The Coder/Manager dilemma

I love this quote from Ideo’s David Kelly (found on the site for the wonderful new documentary by my friend and Plexifilm founder Gary Hustwit, Objectified:

“People need to demand that design performs for them, and is special in their lives, these objects that they buy. You can’t make your GPS thing work in your car? There should be like a riot because they’re so poorly designed. instead, the person sits there and things ‘Oh, I’m not very smart, I can’t make this GPS thing work.’. I can’t make these things work! This is my field and I can’t make them work!”

I completely agree with this, and see it most often (naturally) in web/UI design. The problem is, in my experience, most designers neither have the capability nor desire to design for users who are less technologically savvy than they are; they simply can’t understand why a typical user wouldn’t know that to get the site to do what they want, the user needs to go through a series of byzantine steps, which are known and understood only by the coder.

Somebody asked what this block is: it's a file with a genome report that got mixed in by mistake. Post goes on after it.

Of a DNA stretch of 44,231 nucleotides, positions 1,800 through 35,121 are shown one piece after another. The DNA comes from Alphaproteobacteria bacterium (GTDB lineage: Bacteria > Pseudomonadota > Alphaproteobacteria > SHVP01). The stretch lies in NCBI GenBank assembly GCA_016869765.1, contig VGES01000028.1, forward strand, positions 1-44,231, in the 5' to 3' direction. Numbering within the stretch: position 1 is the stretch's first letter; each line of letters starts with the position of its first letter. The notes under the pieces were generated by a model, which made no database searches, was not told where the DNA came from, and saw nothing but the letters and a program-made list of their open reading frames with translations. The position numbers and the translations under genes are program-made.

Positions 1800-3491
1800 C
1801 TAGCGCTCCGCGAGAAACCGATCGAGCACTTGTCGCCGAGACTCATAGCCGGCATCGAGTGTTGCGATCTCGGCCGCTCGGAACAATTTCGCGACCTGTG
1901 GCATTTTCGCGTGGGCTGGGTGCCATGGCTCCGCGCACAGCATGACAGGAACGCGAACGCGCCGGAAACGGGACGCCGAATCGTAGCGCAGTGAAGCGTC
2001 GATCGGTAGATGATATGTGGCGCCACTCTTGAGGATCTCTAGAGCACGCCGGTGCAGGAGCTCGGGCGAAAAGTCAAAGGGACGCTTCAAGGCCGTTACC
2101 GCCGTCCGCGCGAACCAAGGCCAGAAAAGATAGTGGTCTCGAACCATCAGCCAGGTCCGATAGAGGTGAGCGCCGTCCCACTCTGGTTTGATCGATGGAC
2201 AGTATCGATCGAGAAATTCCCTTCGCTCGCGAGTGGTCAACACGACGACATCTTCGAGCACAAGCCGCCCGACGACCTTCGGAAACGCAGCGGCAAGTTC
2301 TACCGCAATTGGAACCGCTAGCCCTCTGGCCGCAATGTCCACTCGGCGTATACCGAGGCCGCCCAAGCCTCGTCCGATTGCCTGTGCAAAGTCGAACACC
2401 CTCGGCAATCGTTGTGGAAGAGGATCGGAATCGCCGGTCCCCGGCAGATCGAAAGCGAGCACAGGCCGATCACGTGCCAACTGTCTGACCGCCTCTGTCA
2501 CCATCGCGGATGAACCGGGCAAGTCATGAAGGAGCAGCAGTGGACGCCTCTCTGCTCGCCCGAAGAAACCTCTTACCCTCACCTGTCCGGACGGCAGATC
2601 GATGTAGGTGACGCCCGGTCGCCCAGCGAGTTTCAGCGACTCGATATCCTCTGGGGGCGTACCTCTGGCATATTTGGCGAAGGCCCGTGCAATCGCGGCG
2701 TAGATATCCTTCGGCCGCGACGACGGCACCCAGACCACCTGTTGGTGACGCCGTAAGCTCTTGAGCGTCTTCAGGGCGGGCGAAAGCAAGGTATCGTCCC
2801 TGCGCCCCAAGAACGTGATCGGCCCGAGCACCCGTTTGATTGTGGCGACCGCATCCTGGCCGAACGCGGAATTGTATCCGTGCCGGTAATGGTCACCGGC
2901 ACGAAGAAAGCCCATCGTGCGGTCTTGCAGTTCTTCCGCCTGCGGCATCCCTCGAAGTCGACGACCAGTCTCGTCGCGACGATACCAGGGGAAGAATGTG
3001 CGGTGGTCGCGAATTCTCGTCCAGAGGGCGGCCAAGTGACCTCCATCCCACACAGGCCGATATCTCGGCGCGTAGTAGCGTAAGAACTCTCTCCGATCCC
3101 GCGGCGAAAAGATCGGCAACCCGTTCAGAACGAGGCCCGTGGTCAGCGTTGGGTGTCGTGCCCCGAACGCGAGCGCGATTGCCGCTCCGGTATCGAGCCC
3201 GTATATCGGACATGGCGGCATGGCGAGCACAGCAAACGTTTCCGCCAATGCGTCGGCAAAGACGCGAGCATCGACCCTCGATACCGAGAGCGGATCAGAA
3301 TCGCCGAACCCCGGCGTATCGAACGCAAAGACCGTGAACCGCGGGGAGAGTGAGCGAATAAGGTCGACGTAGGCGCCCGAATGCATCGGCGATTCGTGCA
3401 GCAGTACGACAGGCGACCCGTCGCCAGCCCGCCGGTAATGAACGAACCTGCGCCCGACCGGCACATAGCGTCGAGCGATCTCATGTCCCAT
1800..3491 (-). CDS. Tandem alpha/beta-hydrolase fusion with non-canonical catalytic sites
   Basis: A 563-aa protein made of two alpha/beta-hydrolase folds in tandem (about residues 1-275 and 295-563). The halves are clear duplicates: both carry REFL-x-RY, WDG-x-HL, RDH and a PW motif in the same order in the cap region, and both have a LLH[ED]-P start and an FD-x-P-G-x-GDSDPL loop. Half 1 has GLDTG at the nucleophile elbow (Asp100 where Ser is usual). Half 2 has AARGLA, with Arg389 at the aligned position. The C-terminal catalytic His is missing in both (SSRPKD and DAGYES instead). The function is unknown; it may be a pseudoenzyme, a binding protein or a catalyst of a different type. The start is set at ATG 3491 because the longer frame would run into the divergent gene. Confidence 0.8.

This is at its most pronounced on sites where the coder is also the “designer.” That is, the person who is working on the guts of a site/UI is also the one responsible for the front-end look of the site/UI. I firmly believe that this is why many sites fail. Think about it (and I know I’m generalizing, but my beliefs are rooted on empirical experience): Most of these coders aren’t the typical customers for the sites they are charged with building.